Coffee lover helps farmers

By Katrina Delos Santos and Jamie Andrea Turalba

Henry & Sons president Michael Harris Conlin is on a mission to grow the Philippine coffee industry and provide sustainable livelihood to Filipino farmers.

“The legacy I would like to leave is for our Filipino farmers to get there and be able to get a living in farming because our farmers are getting ‘extinct’. I want them to thrive and make money,” says Conlin.

Henry & Sons is a coffee solutions company that offers premium roasted coffee beans, top-of-the-line espresso machines under the Ricmas brand and training to coffee shops and companies.

Conlin’s father, Henry, started as a passionate abaca rope maker in 1975 and became one of largest abaca rope manufacturers in the world with three factories in the Philippines.

Henry & Sons ventured into the coffee business, driven by love for Arabica variety which grows in the highlands of Luzon.

Conlin, however, learned that coffee farmers in La Trinidad, Benguet could only harvest and produce 50 kilograms of coffee, which was too small to supply the needs of coffee shops in the country.

Conlin then organized a team of millennials to investigate the condition of farmers and discovered the five basic needs the farmers were not able to meet—need for water, good health, education, livelihood and market. That was when they decided to put up the Foundation for Sustainable Coffee Excellence and from there, The Giving Cafe, a social enterprise.

“We want to create change. We want to put together a platform where we can help coffee farmers meet those five basic needs and we want it to be sustainable. We want it to be [adopted] by other companies and we want it to be able to be sustainable in that it generates income for the people who adopt The Giving Cafe,” Conlin says.

Henry & Sons president Michael Harris Conlin
Conlin then decided to incorporate his father’s business—abaca rope which is now apparent in TGC’S interior design.

“The concept basically reminds us of [our] past; the rope, the banig on the ceiling. The funny thing is usually the banig is on the floor but now we use it as a roof. We also use ‘tubo’ right in the middle [of the ceiling] that [are] cut. We stitched it together and we put it up,” he says.

Conlin says TGC is a platform that entrepreneurs and enterprises can easily adopt.

His team plans to help those who would like to be social entrepreneurs and establish their own coffee shops by providing them the tools and the platforms needed to be successful in the industry.

“The coffee shop industry has been growing and improving. A lot of people start to drink specialty coffee. They are starting to learn about the types of Arabica, the origin. So it’s really an exciting time for coffee.”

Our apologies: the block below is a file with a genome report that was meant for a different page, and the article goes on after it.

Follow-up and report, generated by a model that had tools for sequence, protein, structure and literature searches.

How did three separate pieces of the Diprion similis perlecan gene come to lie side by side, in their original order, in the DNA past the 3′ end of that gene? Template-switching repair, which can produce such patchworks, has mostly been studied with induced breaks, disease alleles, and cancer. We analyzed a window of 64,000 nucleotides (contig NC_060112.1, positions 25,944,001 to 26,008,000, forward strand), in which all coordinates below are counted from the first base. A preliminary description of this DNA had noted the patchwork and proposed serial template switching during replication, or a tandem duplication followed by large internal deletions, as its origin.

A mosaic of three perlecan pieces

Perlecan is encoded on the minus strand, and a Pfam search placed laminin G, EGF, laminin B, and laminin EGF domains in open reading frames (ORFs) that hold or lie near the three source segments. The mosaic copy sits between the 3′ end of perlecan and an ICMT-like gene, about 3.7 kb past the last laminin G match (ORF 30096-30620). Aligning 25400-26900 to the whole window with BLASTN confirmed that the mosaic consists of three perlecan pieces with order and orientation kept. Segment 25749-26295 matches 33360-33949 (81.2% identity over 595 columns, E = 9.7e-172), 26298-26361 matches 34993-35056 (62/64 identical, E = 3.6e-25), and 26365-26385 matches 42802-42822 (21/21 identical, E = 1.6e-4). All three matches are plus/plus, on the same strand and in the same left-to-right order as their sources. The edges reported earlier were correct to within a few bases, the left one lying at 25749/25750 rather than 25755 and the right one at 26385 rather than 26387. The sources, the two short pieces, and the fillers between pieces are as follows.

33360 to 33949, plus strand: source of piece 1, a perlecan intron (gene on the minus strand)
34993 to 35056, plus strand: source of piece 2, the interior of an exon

The FSCE has two more platforms besides TGC in helping the coffee industry and the farmers of Benguet; The Giving Caravan and The Giving Cart.

The Giving Caravan started at the Bonifacio Global City and was there for at least two months giving out free coffee and “promote love, friendship and thanksgiving.” Conlin says the caravan is not just about giving free coffee but is also about creating awareness for the programs their foundation has in La Trinidad.

“[The farmers are] not having enough harvest, not having enough coffee, and having a hard time elevating their quality [and] if we’re giving away coffee, we’re giving away also 200 cups of coffee a day. It’s not going to be sustainable if there’s no income,” he says.

Conlin and his foundation aim to drive social change and help provide livelihood to people. “I think we have to make it more sustainable. Not just giving away free coffee but what we do is we can sell Giving Coffee, we can sell comfort food, and give up small proceeds from the foundation and that way, we’ll be sustainable and we’ll work for the long run in the next 10 years,” he says.

Meanwhile, The Giving Cart mobile stations hope to “encourage people to help while enjoying their coffee at bazaars, markets and, if sustainable, at malls.”

Conlin says another plan is to feature the Bloom Coffee line, the newest addition to TGC’S goal in helping the farmers and the people of La Trinidad, Benguet through its five programs— Cup to Seed, The Giving Well, Beans for the Little Ones, The Coffee for Great Minds and Beans Within Reach— and make people see that there is future in coffee farming.

“The five programs that we have take care of the farmers, not just our coffee farmers but it’s applicable to [other] farmers,” says Conlin.

TGC also teamed up with Vikings, a famous buffet restaurant in the Philippines, to provide 180 flu vaccines for the children of the coffee farmers through the Beans to the Little One’s program. For every kilo of coffee purchased by the restaurant from the company, P30 goes to the vaccinations.

In terms of education, TGC helps through the Coffee for Great Minds, an educational scholarship program. The Beans Within Reach program is an annual activity of TGC which features the coffee of the farmers through the Bloom competition.

The five programs conceptualized by FSCE are supported by some local government officials in Benguet. 

“We have our advocacy. TGC offers a list of motives and experience that highlights Henry & Sons’ expertise. That’s the dream we have.  The more of these we have, the more farmers we can help and the more impact we have in society,” Conlin says.

TGC is set to officially open on July 14 from 7 a.m. to 10 p.m. at Highway Hills, Mandaluyong City.

Topics: Henry & Sons , Michael Harris Conlin , Philippine coffee industry , Filipino farmers
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